MapCarte 243/365: Marshall Islands Stick Chart by anon, late 19th Century



It’s doubtful any collection of cartographic design would be complete without some reference to Marshall Island stick charts. They represent perhaps one of the finest examples of form and function in map design. These navigation charts represent a system of ocean swells and the way in which islands disrupted the swells. They allowed the Marshallese to paddle by canoe between islands using these maps to aid their choice of route.

The charts were made of coconut fronds tied together to create a framework that represented the predominant direction of wave crests. Islands were represented by shells tied to the framework. Of course, there was no uniform system of design or construction but these were an early form of personalised mapping. The map-maker knew the ebb and flow of the seas and created a physical representation of their mental map.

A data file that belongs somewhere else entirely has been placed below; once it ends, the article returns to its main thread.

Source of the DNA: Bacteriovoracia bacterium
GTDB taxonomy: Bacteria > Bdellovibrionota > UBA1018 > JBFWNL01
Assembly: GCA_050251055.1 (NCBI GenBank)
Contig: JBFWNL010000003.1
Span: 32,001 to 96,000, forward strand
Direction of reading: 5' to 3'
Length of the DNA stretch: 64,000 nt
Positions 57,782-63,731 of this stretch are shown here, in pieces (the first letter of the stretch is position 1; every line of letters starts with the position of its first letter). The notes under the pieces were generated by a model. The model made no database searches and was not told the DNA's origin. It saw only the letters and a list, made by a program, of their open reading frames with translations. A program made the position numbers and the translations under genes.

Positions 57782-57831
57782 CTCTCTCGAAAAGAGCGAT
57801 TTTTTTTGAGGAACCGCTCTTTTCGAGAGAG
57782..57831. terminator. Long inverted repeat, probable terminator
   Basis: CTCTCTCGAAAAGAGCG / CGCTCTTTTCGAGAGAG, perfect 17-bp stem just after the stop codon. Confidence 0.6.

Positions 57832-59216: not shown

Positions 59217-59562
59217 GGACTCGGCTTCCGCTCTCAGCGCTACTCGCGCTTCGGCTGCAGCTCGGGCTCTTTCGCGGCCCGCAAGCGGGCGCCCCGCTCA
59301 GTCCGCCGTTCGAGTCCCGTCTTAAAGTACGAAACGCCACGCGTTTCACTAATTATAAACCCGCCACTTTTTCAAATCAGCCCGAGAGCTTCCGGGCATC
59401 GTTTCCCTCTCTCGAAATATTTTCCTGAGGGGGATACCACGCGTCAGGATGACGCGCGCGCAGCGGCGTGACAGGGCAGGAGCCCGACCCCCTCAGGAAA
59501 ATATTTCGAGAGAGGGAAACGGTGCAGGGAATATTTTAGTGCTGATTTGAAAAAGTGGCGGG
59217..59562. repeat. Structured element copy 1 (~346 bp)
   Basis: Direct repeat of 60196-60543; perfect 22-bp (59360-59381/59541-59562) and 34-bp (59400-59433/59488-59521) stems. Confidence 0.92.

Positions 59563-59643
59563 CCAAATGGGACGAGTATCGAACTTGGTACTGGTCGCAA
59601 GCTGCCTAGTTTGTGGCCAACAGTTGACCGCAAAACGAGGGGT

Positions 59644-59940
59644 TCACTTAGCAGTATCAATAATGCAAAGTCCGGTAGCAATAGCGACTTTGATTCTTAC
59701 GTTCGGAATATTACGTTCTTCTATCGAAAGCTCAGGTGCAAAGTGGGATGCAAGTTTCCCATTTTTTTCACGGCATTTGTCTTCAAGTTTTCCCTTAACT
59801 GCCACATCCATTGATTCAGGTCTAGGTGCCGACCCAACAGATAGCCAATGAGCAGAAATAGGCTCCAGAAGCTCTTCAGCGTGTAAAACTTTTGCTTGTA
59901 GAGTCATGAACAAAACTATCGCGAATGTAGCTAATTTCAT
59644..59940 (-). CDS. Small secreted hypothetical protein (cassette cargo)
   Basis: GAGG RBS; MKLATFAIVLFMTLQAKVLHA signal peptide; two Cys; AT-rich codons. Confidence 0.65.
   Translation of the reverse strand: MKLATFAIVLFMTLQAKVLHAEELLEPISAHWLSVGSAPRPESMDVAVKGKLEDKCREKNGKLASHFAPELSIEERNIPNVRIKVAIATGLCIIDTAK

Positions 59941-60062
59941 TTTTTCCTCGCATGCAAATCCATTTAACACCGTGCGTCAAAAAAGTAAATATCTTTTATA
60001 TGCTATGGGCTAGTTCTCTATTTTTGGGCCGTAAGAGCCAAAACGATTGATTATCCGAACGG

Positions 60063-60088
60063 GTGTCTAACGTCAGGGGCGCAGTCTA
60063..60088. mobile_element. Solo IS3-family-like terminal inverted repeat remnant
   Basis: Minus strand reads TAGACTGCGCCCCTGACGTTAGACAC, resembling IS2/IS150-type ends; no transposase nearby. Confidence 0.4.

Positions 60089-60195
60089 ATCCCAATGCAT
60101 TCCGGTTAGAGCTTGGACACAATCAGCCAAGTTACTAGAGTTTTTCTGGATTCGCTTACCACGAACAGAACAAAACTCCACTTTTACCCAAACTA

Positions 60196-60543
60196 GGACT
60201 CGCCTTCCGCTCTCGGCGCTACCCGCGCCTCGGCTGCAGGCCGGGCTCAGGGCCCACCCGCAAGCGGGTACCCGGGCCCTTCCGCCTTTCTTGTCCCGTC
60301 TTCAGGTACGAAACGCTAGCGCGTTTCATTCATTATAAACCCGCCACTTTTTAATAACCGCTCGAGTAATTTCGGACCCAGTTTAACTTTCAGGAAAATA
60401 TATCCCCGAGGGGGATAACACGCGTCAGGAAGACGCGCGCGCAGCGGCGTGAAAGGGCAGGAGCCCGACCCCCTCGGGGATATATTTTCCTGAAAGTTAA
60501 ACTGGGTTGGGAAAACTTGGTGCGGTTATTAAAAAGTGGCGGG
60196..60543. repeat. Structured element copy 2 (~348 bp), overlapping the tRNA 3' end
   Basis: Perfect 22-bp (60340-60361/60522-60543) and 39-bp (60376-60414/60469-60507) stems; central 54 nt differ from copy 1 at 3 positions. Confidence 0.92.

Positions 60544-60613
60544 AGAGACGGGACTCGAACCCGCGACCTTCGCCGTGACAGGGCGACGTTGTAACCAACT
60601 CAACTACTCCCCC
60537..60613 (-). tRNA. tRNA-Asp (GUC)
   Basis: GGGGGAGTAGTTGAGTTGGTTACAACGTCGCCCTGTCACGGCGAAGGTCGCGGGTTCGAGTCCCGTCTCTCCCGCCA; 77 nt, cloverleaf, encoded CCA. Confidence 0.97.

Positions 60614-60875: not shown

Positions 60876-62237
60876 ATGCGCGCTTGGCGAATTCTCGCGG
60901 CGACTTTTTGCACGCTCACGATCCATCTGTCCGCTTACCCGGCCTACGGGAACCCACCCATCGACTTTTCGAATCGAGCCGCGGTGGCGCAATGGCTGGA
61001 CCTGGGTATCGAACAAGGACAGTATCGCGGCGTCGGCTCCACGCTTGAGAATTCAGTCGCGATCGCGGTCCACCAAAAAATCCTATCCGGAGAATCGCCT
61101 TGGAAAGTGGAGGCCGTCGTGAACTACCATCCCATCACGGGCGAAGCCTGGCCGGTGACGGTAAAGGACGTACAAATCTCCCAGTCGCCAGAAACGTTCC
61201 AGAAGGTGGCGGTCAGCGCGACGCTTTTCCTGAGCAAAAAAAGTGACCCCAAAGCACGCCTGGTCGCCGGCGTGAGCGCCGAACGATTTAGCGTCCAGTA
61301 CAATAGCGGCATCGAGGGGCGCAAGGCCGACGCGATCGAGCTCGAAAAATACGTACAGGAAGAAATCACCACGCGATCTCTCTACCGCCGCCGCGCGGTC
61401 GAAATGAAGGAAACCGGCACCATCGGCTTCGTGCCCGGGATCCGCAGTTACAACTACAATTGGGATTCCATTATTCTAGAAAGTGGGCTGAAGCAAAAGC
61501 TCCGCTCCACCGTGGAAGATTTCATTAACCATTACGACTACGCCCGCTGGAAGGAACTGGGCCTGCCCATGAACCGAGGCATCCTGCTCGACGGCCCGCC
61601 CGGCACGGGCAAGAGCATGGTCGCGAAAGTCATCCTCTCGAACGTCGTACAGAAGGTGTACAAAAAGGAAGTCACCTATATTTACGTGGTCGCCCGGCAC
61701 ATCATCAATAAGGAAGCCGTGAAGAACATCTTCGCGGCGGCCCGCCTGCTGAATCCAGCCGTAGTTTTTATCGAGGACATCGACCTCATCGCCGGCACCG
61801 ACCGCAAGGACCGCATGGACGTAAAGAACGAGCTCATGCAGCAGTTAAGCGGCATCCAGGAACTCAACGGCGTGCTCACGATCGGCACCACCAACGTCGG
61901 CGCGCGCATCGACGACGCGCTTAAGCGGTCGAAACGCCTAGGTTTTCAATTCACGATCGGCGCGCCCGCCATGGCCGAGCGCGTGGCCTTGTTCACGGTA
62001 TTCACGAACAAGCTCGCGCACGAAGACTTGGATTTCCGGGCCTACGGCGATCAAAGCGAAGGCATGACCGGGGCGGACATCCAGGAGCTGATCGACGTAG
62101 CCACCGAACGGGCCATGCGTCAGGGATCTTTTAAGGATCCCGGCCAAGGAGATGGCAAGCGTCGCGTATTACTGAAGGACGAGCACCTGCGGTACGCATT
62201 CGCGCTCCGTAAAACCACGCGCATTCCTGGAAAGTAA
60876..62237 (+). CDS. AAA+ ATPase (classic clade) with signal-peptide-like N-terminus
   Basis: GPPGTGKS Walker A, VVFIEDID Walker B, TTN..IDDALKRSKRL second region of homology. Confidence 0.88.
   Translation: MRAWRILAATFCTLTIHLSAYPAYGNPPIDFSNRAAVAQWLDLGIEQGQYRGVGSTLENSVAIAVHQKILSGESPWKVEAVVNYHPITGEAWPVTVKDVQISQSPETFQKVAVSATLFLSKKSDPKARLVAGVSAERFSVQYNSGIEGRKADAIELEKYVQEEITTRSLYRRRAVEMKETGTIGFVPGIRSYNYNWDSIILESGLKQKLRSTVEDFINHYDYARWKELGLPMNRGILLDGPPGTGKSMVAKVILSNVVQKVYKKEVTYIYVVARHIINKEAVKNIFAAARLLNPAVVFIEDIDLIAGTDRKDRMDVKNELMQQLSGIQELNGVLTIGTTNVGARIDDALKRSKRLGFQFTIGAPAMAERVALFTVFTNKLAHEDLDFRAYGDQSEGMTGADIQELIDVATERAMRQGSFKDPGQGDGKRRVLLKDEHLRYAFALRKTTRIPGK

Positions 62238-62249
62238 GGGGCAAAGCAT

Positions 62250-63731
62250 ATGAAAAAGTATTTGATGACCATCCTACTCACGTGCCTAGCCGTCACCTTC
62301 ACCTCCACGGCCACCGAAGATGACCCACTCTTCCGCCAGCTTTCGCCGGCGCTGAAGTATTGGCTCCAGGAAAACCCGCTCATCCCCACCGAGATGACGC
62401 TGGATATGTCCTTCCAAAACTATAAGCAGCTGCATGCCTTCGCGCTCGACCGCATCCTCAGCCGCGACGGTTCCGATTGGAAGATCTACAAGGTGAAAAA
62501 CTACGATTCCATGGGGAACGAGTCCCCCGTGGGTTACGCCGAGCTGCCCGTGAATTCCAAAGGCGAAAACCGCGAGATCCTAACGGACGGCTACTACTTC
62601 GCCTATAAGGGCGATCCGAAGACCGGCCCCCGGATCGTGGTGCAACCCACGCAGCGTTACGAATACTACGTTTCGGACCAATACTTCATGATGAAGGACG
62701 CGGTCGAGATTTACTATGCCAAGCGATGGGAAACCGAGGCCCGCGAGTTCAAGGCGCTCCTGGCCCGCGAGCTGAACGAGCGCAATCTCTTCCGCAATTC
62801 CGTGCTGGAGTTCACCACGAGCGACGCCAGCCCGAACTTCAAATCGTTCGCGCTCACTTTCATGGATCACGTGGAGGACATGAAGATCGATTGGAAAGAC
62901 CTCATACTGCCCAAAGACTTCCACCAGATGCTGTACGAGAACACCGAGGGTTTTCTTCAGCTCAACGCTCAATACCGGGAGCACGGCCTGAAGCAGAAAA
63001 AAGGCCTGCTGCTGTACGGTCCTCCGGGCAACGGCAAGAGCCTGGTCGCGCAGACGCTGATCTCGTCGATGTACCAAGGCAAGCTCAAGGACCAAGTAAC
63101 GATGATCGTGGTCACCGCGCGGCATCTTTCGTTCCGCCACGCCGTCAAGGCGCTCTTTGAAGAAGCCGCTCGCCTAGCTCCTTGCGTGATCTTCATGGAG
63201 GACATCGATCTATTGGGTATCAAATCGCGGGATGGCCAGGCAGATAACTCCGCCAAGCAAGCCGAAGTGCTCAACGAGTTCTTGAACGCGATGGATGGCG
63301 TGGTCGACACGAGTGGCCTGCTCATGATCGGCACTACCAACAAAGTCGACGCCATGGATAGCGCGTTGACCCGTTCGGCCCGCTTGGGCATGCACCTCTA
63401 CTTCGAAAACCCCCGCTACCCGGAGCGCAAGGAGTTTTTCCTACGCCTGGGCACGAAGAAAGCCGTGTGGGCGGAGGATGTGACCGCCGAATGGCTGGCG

Ironically, though the materials were perfectly suited to the wet conditions, being entirely waterproof, they were not used en route. They were more commonly consulted prior to a journey and committed to memory, with the canoeist laying in their vessel to understand how it was interacting with the swells to determine their course.

Map-making doesn’t have to be complex. Simple tools. Simple representations and a single, uncluttered theme. These charts are the epitome of cartographic simplification. All unwarranted detail is omitted. their form suits their function perfectly.